Saddle pulmonary embolism
Shortness of breath. ECG shows 'RSR' pattern and hypoxic requiring oxygen support. No chest pain. New atrial fibrillation and elevated serum troponin. Investigations reviewed by cardiology, suggested investigation for pulmonary embolism.
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A large saddle embolus straddles the pulmonary trunk bifurcation. Extensive pulmonary emboli are also noted in the right and left second and third generation pulmonary arteries. These are more prominent on the left side.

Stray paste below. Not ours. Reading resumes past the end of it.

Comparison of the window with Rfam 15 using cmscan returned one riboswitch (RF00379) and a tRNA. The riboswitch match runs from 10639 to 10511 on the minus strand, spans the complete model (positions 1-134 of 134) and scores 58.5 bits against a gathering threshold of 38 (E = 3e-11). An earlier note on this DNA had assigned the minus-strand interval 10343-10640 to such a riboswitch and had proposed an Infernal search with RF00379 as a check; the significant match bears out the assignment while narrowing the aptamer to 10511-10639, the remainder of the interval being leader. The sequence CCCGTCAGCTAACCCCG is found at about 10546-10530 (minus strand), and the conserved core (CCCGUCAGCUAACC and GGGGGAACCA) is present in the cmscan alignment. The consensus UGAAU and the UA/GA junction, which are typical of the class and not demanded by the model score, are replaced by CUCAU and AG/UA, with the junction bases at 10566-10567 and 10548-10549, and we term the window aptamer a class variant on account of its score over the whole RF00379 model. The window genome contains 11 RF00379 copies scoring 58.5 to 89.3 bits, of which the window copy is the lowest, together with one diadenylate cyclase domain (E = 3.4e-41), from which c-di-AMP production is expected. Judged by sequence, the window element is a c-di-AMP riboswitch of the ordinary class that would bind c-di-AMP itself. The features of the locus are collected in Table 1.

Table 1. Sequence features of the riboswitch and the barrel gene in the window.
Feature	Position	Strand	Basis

No evidence of interventricular septal deviation or pulmonary hypertension, however there is generalised cardiomegaly (CTR 16:25).
There are ground-glass changes in the inferior lingular segment of the left lung which may represent oedema secondary to emboli.
Saddle emboli, given their central and obstructive nature, are associated with a high clot load and can give rise to right heart strain. Straightening of the interventricular septum and, in more severe cases, reflux of contrast into the inferior vena cava are both surrogate signs of this.